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United States v. Garcia-Garcia


February 19, 2010


The opinion of the court was delivered by: Reagan, District Judge


In August 2003, the undersigned Judge sentenced Alfonso Garcia-Garcia (one of four Defendants charged with narcotics offenses in the above-captioned case) to 37 months in prison followed by four years of supervised release, plus a fine and special assessment.

In February 2005, the United States petitioned this Court to remit the unpaid portion of Garcia-Garcia's special assessment and fine, because he had been deported and further attempts at collection were not likely to be fruitful. The Court granted that motion. While incarcerated at USP-Lompoc in the summer of 2008, via pro se motion filed under the name Alejandro Garcia-Rodriguez, Defendant moved to remit his fine. The Court denied that motion as moot, having already remitted the fine three years earlier.

The case has been closed for years, but one motion has remained pending since January 2007.

On January 12, 2007, the Government petitioned the Court to revoke Defendant's supervised release due to alleged violations of the terms of that release -- including illegally re-entering the United States in October 2006 and failing to report to a Probation Officer within 72 hours of his re-entry (see Doc. 112). The undersigned Judge issued an arrest warrant (see Docs. 113-114), but disposition of the petition has been placed on hold while Defendant is incarcerated at USP-Lompoc. The Government filed a status report on this issue in May 2009 (see Doc. 122).

On February 12, 2010, Defendant filed a pro se motion asking this Court to enter "an Order of Dismissal with prejudice ... pursuant to Illinois Penal Code § 1381.5." based on the Government's failure to comply with Defendant's demand for a speedy trial (Doc. 123). The Clerk's Office docketed the pro se motion on February 17, 2010.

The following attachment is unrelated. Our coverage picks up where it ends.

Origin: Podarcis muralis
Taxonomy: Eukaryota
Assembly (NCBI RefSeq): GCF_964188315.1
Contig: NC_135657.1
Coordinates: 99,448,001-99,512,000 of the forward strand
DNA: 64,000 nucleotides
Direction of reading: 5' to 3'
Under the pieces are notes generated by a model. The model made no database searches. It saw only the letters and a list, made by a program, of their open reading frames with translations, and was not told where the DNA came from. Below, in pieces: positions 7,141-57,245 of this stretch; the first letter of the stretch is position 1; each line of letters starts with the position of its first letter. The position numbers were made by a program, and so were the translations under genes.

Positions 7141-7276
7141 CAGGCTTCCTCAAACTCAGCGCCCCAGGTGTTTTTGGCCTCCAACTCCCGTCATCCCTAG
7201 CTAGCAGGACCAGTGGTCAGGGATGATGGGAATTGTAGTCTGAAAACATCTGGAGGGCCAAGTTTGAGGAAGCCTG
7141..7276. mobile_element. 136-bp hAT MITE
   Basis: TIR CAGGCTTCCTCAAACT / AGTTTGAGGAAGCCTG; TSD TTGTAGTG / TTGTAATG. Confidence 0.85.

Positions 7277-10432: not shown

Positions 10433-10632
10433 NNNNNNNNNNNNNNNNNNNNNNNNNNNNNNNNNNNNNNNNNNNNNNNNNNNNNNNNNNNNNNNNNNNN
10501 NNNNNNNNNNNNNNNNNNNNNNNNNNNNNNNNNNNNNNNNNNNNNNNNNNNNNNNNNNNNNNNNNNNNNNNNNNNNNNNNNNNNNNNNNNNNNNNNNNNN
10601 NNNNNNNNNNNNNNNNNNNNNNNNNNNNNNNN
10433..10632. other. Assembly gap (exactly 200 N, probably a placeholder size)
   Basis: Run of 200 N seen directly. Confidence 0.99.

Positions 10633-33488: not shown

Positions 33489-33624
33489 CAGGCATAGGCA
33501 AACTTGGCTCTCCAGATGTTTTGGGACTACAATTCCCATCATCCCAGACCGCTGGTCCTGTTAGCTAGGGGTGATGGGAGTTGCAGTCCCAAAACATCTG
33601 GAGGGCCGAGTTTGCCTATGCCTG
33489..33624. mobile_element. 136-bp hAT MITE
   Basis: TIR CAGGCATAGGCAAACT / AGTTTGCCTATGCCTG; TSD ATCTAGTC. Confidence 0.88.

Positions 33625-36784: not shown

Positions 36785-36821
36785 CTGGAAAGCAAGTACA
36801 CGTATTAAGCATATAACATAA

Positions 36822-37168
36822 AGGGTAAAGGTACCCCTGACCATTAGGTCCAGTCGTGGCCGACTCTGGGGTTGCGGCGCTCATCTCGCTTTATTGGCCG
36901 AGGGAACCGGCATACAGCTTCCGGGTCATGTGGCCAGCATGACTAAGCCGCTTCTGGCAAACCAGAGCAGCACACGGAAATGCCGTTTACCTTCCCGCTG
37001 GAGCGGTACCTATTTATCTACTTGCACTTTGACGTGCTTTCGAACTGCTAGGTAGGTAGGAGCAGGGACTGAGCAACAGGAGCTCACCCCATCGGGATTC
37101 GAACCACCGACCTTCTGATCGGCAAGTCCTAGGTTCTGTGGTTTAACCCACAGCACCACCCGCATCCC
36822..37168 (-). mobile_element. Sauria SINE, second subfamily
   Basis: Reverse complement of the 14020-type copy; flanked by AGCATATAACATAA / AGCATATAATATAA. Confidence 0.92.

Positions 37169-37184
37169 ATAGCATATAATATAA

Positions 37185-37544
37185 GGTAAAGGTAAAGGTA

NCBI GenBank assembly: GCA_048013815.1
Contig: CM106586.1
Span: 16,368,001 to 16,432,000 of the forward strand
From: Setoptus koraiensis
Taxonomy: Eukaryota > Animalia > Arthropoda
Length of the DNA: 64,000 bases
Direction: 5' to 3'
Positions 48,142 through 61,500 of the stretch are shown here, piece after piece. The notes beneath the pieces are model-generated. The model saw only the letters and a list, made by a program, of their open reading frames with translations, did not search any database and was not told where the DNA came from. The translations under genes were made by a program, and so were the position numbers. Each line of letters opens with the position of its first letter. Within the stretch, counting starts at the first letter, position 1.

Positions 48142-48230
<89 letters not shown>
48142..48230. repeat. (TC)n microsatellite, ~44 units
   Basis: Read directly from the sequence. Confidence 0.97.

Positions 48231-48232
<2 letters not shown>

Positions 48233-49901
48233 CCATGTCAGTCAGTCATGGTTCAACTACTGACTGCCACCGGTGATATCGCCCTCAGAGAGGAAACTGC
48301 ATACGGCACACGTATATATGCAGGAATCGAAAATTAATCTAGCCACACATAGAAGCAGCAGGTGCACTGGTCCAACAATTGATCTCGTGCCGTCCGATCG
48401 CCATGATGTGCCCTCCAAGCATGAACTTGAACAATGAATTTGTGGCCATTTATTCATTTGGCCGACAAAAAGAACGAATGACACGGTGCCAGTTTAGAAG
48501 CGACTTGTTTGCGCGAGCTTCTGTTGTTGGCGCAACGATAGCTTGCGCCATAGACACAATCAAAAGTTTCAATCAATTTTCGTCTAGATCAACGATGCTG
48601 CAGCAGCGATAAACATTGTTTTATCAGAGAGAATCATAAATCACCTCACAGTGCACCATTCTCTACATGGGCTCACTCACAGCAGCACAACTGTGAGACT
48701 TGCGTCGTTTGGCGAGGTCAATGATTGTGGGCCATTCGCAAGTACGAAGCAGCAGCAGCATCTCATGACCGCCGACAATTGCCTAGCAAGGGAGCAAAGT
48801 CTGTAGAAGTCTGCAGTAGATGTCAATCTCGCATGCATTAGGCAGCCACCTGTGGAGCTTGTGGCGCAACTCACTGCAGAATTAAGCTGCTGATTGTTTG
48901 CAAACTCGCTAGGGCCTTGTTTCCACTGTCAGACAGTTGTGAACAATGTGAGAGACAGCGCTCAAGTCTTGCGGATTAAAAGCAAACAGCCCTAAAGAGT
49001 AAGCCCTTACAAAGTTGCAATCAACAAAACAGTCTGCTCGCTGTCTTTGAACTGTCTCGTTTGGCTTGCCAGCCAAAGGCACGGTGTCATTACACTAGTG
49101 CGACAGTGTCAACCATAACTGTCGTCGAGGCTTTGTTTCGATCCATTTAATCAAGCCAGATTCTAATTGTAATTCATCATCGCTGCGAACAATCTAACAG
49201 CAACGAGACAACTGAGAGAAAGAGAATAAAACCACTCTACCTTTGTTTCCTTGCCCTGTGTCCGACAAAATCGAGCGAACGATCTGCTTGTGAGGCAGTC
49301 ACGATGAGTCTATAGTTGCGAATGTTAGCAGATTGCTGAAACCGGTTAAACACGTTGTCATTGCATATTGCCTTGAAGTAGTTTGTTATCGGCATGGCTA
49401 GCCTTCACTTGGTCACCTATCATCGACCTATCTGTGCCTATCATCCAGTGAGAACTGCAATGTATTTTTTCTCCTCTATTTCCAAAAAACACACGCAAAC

The Court now DENIES the motion (Doc. 123) for several reasons. First, the motion cites Illinois law which does not apply in this federal court. Defendant apparently is confused as to the status of this matter and the judicial system in which it was resolved. His motion is captioned "Superior Court of Illinois, County of East St. Louis," refers to the prosecutor as "the District Attorney," and cites various state law provisions that have no bearing here.

Second, there is no criminal case or substantive criminal charge left to "dismiss," as Defendant already pled guilty to and was sentenced on those charges nearly seven years ago.

Third, to the extent Defendant attempts to raise a speedy trial challenge via the February 2010 motion, the Court rejects it. The Speedy Trial Act governed the period of time between when Defendant first appeared on the underlying substantive charges and when he was brought to trial (or, in this instance, chose to enter a guilty plea). We are years past conviction, years past sentencing, years past judgment-imposition now. And the Speedy Trial Act does not apply to revocation petitions, which is all that remains for resolution here.

Finally, to the extent Defendant endeavors to challenge the detainer lodged against him, he fares no better. The Interstate Agreement on Detainers Act applies only to substantive criminal charges, not to violations of probation or supervised release. See Carchman v. Nash, 473 U.S. 716, 717 (1985).

For all these reasons, Defendant's motion (Doc. 123) is DENIED.


Michael J. Reagan United States District Judge


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